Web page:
U.S. Supreme Court GEYGER'S LESSEE v. GEYGER, 2 U.S. 332 (1795)
2 U.S. 332 (Dall.)
Circuit Court, Pennsylvania District
April Term, 1795
A rule had been obtained by the plaintiff, requiring the defendant to shew cause, why an order should not be made for the production of certain deeds and papers on the trial of this cause, agreeably to the provision of the 15th section of the judicial act: And now, on proof that a copy of the rule was served on the plaintiff's attorney, it was moved to make the same absolute.
But, for the defendant, it was contended, that the notice of the rule should have been given to the party, and not to his attorney. In Rivers v. Walker, 1 Dall. Rep. 81. notice, in the case of referees, is directed to be given to the party; and the reason is stronger in the present instance, as the defendant lives at a great distance, and the attorney ought not to be put to the trouble and expence of transmitting the notice. Besides, there is no certificate produced that the deeds are not on record; and the fact is that they are recorded; so that the plaintiff might, at any time, procure exemplifications.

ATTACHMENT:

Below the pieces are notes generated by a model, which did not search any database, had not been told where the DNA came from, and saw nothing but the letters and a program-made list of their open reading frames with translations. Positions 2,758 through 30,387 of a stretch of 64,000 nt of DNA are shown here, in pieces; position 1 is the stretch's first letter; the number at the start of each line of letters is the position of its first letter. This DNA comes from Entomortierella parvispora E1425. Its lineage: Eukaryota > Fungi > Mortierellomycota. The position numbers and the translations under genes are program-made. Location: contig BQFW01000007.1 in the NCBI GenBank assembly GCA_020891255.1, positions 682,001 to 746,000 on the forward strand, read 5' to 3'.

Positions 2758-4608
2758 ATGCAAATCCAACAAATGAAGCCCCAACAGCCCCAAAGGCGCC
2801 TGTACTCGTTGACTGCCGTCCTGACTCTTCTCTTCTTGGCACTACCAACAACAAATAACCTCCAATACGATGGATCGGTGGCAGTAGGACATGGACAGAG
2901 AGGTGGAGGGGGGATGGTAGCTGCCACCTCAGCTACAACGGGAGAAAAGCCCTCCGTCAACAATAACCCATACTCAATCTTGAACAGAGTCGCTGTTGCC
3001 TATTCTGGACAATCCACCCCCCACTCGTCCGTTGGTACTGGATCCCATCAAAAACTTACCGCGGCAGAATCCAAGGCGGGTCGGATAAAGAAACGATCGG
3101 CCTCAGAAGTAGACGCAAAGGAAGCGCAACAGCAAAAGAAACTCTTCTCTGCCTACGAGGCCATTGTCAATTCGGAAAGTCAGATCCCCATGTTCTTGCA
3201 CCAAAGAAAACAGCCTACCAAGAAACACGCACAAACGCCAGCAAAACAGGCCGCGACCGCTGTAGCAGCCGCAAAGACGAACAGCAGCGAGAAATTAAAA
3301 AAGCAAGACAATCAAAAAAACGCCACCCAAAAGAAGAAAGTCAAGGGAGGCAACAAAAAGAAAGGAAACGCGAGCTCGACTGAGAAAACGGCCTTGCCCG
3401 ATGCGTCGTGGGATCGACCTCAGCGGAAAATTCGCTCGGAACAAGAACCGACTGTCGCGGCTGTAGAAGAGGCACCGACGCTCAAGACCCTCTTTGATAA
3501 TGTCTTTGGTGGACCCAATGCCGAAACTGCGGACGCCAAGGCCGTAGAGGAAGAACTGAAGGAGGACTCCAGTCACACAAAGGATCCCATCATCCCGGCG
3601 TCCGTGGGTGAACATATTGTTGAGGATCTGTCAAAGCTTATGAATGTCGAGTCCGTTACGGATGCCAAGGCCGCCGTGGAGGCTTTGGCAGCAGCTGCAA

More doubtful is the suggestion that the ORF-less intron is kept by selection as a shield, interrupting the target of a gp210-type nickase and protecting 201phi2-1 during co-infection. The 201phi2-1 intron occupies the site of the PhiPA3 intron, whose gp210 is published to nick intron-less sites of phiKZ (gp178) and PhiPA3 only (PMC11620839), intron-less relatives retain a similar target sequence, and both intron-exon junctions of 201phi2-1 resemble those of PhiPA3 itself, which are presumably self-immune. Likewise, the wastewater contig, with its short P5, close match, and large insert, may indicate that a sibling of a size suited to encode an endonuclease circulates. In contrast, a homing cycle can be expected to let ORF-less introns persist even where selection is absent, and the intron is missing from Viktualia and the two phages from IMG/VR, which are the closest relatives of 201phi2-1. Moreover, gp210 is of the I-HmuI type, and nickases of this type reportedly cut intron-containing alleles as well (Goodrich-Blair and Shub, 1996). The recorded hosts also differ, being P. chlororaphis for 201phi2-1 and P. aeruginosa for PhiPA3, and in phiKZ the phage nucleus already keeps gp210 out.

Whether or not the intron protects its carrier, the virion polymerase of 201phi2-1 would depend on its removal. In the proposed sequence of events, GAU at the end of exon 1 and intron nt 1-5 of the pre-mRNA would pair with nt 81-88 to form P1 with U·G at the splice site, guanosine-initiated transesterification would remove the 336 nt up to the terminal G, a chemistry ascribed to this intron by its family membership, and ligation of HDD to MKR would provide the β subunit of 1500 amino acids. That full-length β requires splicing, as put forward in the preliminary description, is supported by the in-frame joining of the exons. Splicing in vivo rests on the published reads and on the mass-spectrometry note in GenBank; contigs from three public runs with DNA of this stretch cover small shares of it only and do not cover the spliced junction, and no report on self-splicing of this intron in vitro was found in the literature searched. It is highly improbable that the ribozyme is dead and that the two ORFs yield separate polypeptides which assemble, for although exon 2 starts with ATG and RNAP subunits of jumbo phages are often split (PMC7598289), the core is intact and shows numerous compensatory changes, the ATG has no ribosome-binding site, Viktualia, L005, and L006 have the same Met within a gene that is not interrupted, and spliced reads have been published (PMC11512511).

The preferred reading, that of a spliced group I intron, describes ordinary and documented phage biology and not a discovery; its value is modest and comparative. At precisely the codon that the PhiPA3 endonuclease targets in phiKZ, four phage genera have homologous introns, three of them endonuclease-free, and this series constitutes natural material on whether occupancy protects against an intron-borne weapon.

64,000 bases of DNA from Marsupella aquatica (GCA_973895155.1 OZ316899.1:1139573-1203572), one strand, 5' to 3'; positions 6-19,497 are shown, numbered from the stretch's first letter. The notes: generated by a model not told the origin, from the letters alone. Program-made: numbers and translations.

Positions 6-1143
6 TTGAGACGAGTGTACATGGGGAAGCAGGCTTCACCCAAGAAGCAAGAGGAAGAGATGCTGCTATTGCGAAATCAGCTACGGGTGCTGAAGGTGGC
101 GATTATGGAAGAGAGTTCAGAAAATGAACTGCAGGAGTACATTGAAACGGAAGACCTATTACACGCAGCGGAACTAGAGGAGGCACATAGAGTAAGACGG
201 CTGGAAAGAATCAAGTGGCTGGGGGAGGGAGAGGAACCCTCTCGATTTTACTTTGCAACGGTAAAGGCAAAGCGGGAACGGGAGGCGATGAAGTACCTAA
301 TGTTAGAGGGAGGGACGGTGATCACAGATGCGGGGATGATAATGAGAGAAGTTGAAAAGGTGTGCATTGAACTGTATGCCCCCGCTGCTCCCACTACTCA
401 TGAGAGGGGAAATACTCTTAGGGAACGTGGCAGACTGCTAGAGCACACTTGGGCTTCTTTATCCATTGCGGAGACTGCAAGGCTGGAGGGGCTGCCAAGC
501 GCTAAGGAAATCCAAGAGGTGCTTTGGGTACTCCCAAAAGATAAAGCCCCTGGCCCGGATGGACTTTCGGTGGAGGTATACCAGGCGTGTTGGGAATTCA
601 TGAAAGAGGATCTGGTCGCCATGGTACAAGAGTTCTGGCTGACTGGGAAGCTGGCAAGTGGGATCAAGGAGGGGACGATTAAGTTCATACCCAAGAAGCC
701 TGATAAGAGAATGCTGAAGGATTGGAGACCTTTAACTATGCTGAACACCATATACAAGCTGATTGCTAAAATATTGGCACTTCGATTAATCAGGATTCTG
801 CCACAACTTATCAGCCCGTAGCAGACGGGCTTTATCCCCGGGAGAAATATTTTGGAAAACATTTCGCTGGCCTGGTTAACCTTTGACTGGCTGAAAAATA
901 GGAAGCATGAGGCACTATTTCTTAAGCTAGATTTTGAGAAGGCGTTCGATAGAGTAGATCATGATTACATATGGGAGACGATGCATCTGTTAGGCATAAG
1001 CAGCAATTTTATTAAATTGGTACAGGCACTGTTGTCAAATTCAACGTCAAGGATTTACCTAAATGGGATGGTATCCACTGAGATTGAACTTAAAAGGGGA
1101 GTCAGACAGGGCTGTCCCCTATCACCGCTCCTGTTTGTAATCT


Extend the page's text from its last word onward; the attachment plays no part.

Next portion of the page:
By the Court: The provision contained in the judicial act was intended to prevent the necessity of instituting suits in Equity, merely to obtain from an adverse party, the production of deeds and papers relative to the litigated issue. The act says, generally, that the Court shall have power, 'on motion and due notice thereof being given, to require the parties to produce books or writings, &c.;' without designating to whom the notice shall be given, the party himself, or his attorney. But we will always keep the cause under our controul for the purposes of substantial justice, and never suffer either party to be entrapped. If, for instance, notice is served on an attorney, whose client lives at a great distance, this will always be deemed a sufficient reason to postpone the trial, 'till a full opportunity has been afforded for the attorney's communicating the rule to the client. If, likewise, the Court find that the deeds are actually on record, we will not indulge the party with a rule for producing them, merely as a cheap mode of procuring evidence. The originals may sometimes, indeed, be necessary, for a special reason, detached from the evidence; but, in that case, the special reason must be assigned to the Court.
The defendant's counsel offering to refer their opponents to the pages, &c.; where the deeds in question are recorded, the Court declared that this put an end to the matter; but added, that if it was not satisfactorily done, they would not allow the cause to be brought to trial.
Levy and Blair, for the plaintiff. Tilghman and Armstrong, for the defendant.